The next section of the discussion moved from life under the GDR to economic progress after reunification. One speaker highlighted both the advantages and disadvantages faced by eastern Germany as a result of its exposure to global competition and its transition to a market-based economy. The general consensus was such that an absence of labor laws and unions in the east allowed for a more flexible labor market which could not be matched in the Federal Republic of Germany (FRG). The new states have since become “models of flexibility” for old states, undermining the “permanent effect” theory that ponders whether economic parity can ever be achieved between east and west. For example, during the most recent economic crisis, the east shed roughly 10,000 jobs whereas the west suffered a drastic loss of almost 300,000. One panelist dissented by suggesting both the east and the west were equally inflexible, however the west suffered more due to stricter laws already in place. On another note, after the unification process took effect, the FRG invested heavily in infrastructure in the east and was able to build a modern communications and transport network from the ground up. As a result, these modernization efforts are far more advanced than those in western Germany.
Although the economic forecast in eastern Germany looks promising, it still suffers from the lingering remnants of the former GDR. For instance, the panel argued that the east continues to experience a “brain drain” as young, highly educated entrepreneurers prefer life in the west where wages are higher and business opportunities are more prevalent. Although the United States did much to encourage foreign investment in the east after the fall of the Berlin Wall, company headquarters were already based in the west, making it difficult for them to take advantage of cheaper labor. While the manufacturing industry is experiencing steady growth of 9 percent a year, the gross domestic product is not increasing because the sector itself is shrinking. Finally, research and development in the private sector is significantly greater in the west, making it difficult for the east to compete and boost wage and productivity levels.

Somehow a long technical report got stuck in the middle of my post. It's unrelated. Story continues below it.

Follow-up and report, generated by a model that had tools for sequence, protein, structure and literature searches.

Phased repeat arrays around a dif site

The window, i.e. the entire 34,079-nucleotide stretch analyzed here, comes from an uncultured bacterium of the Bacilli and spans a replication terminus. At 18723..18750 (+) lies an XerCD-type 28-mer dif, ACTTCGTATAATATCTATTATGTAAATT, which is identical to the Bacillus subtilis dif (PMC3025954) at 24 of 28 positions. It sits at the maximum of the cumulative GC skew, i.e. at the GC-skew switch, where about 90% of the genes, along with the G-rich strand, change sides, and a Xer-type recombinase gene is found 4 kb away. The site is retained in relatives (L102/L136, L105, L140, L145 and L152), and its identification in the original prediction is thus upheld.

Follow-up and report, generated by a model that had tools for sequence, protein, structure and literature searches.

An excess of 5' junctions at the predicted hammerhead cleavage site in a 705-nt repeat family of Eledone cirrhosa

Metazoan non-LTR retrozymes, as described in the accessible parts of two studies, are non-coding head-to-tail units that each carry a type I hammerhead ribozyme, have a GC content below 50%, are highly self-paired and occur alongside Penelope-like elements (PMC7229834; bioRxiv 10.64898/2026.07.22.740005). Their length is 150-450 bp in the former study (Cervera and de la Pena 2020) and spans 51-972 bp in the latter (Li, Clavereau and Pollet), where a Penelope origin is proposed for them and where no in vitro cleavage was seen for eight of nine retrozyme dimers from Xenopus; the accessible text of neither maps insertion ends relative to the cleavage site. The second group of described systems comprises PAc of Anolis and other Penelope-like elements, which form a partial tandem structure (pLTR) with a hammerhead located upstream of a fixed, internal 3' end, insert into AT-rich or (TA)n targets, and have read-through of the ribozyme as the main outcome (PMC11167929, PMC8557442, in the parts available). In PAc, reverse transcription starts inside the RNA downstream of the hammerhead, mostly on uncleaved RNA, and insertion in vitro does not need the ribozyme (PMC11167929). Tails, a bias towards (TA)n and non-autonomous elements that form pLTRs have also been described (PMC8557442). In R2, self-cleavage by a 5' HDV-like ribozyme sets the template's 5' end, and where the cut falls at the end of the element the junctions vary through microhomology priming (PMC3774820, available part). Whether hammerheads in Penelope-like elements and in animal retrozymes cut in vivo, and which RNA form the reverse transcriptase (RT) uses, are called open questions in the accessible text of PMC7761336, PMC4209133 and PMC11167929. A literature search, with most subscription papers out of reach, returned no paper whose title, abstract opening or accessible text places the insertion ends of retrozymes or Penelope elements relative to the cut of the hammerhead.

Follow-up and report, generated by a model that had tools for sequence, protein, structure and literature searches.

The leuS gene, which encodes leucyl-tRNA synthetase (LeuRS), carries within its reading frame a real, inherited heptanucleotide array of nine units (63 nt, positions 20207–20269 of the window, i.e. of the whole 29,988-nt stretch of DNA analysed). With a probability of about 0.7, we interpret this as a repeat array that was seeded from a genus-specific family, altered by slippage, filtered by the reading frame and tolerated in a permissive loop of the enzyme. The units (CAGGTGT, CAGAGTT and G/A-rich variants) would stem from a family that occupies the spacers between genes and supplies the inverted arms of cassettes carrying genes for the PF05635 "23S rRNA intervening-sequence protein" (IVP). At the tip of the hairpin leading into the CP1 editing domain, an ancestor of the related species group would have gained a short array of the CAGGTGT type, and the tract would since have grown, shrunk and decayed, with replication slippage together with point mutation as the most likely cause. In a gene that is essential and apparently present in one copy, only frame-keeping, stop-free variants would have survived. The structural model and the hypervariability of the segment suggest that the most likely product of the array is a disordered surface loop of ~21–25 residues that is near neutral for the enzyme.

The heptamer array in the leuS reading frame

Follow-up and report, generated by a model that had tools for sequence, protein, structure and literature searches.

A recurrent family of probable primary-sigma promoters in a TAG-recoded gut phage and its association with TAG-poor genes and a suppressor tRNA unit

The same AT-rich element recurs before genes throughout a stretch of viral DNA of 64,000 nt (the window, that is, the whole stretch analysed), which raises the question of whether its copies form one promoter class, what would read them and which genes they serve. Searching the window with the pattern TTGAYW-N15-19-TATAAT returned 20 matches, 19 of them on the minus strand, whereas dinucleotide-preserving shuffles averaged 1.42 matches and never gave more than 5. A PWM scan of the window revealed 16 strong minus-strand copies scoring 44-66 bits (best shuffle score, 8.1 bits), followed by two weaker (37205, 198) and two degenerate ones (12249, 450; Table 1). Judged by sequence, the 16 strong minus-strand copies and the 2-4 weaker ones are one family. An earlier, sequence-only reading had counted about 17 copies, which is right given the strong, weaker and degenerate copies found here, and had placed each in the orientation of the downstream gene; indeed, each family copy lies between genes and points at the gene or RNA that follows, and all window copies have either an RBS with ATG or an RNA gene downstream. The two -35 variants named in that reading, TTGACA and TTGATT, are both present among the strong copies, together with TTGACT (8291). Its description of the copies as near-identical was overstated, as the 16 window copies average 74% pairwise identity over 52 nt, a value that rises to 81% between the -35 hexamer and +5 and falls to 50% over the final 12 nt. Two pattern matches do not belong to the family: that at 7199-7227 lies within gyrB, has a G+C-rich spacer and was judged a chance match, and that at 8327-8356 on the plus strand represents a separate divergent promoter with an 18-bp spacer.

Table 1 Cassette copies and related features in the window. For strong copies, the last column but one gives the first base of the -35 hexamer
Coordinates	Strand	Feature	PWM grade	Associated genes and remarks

That being said, another speaker pointed out that foreign direct investment is on the rise in the Länder of Thuringia and Saxony. Moreover, the establishment of serious highly technical universities will only bolster economic growth in the east. In conclusion, the panel had high hopes the east will continue to build upon its historic strengths and shed its socialist past in order to adapt and achieve economic convergence with the west.
After the discussion, we welcomed guests to view artist Tom Block’s work “Broken Berlin Wall,” which is currently on display at AICGS. The painting honors how walls are built and then crumble. Mr. Block has scattered pieces of the 72′ long painting throughout the offices of AICGS to not only honor the reunification of Germany, but also the necessity to examine our own interior walls – and to not be fooled by the perceived beauty on the one side, which can hide a very different, and starker reality on the other.
Tom Block is an artist, writer and activist best known for his work that delves into the search for spiritual meaning in the contemporary era. His art has been exhibited in galleries and museums throughout the United States and Europe.